Element Atomic number and Symbols
The atomic number and symbols are important in chemistry. The element symbol is a one- or two-letter abbreviation of the name of the element. While writing long chemical equations, we need to write a short form of the compounds and elements that time these symbols are very useful. The atomic number of elements gives an idea about the atomic structure of elements, such as how many electrons and protons that particular element has. The first 20 elements of the periodic table are given in the figure below.
(Image will be Uploaded soon)
What are the First 20 Elements of the Periodic Table?
The first 20 elements of the periodic table, which have atomic numbers 1-20, are listed below.
Each element consists of distinct properties owing to its atomic number, atomic mass, electronic configuration, electronegativity, electron gain enthalpy, etc.
Importance of The Atomic Number of An Element in A Periodic Table
Before knowing the importance of an atomic number of elements take a look at the following definitions.
Atomic number - The atomic number tells us how many protons are there in the nucleus.
Protons - It is a subatomic (occurring within an atom) particle. It has a positive charge. It resides in the nucleus of an atom of the element.
Neutrons - It is also a subatomic particle. Neutrons have a neutral charge. A neutron weighs a little bit higher than a proton. Neutrons, along with the protons, add up to form the nucleus of the atom.
Electrons - Electrons are also subatomic. Electrons tend to orbit around the nucleus. The electrons are negatively charged. The size of the electrons is smaller than that of the nucleus. Electrons have an equal charge as the proton, but with a negative sign. The mass of an electron is almost 1/1836 times the mass of a proton.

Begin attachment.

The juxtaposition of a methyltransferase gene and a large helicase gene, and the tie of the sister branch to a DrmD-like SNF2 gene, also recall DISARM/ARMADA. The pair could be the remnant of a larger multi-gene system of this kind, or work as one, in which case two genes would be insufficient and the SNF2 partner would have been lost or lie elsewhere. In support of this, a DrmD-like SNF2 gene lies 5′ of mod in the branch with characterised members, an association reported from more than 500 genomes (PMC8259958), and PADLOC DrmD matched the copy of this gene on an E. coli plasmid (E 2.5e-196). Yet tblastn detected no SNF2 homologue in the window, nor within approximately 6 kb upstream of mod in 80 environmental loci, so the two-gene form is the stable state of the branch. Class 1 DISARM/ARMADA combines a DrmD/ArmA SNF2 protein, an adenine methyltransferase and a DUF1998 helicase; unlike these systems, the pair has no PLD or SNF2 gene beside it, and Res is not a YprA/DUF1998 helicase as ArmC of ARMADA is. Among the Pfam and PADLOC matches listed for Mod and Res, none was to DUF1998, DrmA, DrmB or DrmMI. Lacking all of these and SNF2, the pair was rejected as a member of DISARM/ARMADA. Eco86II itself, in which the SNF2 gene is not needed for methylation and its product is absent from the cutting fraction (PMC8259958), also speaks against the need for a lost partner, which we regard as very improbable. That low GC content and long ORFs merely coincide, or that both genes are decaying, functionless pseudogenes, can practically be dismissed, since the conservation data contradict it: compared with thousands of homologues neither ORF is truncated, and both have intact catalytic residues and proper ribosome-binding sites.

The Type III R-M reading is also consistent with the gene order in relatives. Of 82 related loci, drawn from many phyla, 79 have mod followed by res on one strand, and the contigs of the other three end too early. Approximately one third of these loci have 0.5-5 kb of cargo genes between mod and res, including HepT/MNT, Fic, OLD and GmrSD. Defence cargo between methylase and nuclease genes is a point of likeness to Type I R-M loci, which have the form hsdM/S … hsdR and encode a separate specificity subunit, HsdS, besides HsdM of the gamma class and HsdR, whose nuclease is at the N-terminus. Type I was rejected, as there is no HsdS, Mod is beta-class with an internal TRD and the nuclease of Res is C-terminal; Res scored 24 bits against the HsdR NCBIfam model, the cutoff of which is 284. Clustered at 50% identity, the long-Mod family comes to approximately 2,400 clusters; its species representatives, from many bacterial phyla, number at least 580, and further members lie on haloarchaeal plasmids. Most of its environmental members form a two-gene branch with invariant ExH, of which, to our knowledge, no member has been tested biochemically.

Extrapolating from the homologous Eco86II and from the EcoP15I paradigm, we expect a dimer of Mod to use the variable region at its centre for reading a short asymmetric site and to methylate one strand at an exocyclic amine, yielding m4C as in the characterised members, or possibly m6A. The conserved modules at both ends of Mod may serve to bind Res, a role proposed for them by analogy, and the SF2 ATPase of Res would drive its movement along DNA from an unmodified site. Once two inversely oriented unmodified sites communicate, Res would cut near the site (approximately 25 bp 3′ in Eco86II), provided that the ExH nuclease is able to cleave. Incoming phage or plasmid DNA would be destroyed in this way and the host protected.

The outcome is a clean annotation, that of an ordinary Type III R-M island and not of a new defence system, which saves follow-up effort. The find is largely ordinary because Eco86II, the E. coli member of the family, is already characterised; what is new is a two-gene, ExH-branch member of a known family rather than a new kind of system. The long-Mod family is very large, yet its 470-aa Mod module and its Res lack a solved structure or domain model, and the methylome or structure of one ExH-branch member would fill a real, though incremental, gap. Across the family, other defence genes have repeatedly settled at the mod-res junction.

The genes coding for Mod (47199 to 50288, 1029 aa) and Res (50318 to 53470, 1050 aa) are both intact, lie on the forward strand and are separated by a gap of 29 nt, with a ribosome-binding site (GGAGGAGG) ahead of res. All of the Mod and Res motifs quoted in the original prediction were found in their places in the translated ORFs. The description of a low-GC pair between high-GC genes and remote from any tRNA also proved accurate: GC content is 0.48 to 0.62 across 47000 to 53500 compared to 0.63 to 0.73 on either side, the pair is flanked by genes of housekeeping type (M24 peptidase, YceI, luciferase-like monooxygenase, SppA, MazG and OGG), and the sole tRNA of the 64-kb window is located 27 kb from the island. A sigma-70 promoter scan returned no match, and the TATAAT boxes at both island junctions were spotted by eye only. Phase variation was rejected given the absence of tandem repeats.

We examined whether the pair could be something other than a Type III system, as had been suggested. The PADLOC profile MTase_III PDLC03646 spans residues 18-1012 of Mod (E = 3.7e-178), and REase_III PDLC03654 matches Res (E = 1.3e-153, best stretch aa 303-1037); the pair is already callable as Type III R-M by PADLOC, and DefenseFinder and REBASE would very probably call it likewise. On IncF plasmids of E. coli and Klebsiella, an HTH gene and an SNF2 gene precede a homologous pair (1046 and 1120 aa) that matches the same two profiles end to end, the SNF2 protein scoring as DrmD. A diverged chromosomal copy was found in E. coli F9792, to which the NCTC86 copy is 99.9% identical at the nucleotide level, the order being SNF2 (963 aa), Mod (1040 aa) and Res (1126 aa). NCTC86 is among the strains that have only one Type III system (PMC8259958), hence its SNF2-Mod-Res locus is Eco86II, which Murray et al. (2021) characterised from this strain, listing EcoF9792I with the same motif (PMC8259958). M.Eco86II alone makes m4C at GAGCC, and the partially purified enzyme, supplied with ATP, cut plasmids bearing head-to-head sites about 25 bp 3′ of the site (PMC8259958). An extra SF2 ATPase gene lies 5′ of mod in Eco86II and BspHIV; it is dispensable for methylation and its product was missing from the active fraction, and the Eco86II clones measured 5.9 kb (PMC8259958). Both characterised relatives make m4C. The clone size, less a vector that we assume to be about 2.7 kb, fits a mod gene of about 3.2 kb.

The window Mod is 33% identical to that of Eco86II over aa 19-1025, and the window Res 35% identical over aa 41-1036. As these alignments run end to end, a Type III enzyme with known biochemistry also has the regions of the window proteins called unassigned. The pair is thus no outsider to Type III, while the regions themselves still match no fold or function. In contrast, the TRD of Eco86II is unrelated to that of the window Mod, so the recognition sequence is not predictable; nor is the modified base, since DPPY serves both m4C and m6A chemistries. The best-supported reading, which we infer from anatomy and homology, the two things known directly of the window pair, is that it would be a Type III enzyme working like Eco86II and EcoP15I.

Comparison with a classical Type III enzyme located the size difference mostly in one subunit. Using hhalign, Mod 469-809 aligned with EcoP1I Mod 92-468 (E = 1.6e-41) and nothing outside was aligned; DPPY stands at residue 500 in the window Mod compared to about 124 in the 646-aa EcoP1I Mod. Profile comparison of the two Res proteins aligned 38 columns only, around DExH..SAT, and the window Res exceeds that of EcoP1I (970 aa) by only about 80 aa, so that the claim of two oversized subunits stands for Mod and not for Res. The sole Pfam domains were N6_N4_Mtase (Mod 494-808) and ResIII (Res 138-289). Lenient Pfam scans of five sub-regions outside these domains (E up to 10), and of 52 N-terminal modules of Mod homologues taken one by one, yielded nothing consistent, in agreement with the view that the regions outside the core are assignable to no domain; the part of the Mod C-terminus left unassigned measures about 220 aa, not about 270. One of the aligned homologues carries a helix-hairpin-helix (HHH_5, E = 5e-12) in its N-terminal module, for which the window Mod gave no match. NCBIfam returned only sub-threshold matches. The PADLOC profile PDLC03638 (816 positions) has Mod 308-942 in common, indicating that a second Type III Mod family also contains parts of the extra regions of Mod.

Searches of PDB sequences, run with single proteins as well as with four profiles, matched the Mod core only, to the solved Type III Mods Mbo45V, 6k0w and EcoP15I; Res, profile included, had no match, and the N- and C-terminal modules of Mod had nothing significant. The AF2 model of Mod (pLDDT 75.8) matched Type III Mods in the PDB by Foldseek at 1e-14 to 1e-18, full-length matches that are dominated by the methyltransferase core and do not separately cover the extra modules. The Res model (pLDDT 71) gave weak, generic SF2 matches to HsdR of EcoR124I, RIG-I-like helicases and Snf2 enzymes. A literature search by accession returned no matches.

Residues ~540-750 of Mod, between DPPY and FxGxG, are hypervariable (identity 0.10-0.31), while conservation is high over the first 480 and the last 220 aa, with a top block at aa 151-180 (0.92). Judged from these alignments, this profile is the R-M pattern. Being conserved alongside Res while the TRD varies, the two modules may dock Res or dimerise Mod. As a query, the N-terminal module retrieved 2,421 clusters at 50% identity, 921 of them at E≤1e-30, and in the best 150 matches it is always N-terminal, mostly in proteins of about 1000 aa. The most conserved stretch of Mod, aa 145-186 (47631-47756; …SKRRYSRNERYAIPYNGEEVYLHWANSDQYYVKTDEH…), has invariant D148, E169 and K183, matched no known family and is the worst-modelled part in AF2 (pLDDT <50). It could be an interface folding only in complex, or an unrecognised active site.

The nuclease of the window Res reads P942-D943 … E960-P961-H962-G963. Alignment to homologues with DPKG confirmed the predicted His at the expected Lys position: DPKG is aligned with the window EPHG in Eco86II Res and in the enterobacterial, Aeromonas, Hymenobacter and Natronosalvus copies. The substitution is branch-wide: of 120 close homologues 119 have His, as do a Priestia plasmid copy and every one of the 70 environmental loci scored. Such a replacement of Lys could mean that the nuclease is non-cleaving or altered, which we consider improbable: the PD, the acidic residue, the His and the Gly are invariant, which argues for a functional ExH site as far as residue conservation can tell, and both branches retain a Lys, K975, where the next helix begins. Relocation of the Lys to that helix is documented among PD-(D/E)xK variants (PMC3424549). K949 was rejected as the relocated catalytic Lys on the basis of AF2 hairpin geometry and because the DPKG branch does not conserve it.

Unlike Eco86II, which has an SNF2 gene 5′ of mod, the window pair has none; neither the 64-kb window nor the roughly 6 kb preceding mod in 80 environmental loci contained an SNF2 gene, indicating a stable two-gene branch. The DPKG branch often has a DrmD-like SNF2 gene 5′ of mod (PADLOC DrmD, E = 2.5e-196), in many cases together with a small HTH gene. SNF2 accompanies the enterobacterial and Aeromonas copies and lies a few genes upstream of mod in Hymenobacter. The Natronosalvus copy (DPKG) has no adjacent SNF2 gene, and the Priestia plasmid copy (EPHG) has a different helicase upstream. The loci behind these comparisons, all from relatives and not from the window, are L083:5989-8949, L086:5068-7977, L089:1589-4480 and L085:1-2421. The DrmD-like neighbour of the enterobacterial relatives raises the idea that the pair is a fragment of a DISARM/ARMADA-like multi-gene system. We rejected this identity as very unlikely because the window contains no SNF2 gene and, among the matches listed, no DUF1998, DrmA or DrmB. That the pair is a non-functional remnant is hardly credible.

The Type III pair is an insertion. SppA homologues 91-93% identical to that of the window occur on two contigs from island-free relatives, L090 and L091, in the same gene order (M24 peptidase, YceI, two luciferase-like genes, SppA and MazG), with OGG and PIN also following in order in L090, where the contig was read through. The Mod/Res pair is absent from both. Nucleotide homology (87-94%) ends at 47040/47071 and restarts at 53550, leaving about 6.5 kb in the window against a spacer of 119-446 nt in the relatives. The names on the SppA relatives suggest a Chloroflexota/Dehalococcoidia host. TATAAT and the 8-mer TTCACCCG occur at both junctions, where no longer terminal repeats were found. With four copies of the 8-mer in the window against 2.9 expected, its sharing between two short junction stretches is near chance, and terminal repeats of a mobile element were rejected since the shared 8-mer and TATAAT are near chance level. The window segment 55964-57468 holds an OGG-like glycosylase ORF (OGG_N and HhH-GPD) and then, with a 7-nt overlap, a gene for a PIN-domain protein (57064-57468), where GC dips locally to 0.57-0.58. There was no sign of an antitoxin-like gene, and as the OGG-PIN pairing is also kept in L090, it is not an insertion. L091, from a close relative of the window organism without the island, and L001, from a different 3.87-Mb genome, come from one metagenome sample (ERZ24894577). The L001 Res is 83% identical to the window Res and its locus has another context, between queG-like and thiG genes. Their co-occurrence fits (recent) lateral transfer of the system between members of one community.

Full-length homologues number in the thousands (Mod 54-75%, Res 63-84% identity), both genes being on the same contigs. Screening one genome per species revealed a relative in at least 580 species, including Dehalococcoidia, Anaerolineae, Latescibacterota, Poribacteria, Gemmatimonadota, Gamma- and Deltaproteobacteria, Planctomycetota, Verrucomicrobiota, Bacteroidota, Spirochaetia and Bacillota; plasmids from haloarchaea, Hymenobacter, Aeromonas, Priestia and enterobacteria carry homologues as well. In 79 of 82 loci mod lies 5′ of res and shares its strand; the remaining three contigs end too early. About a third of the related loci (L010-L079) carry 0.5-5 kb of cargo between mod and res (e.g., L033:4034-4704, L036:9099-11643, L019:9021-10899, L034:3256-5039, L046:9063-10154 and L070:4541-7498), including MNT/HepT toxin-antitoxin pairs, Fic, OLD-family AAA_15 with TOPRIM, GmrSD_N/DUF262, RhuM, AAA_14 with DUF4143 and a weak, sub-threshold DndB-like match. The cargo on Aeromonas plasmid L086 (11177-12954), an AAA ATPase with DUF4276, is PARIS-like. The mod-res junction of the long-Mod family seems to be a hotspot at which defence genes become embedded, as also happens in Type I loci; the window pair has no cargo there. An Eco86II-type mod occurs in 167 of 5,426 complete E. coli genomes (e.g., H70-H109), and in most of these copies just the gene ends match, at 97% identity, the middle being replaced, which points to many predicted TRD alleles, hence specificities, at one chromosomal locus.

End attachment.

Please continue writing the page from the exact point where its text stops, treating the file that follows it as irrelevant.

The atomic number of an element in the periodic table provides us with the following information:
Gives an idea about the number of protons in the nucleus of an atom
The number of electrons surrounding the nucleus in a neutral atom.
In other words, we can say that the atomic number is equal to the charge on the nucleus. Hence, it is also similar to the number of protons in the nucleus. It is numerically equal to the number of electrons in a neutral atom.
Let's try to understand it further with the example of Oxygen. Oxygen has an atomic number of 8. This implies that in the neutral state, the number of protons in the nucleus is 8. The number of electrons is 8. Similarly, in sodium, which has an atomic number of 11, the sodium atom's nucleus consists of 11 protons. It has 11 electrons surrounding the nucleus. As we know that the atomic number is equal to the number of electrons, we can easily predict the atom's electronic configuration by merely knowing its atomic number.
How are the first 20 elements of the periodic table useful for us?
Some of the elements of the first 20 elements of the periodic table are very much helpful for our daily life such as: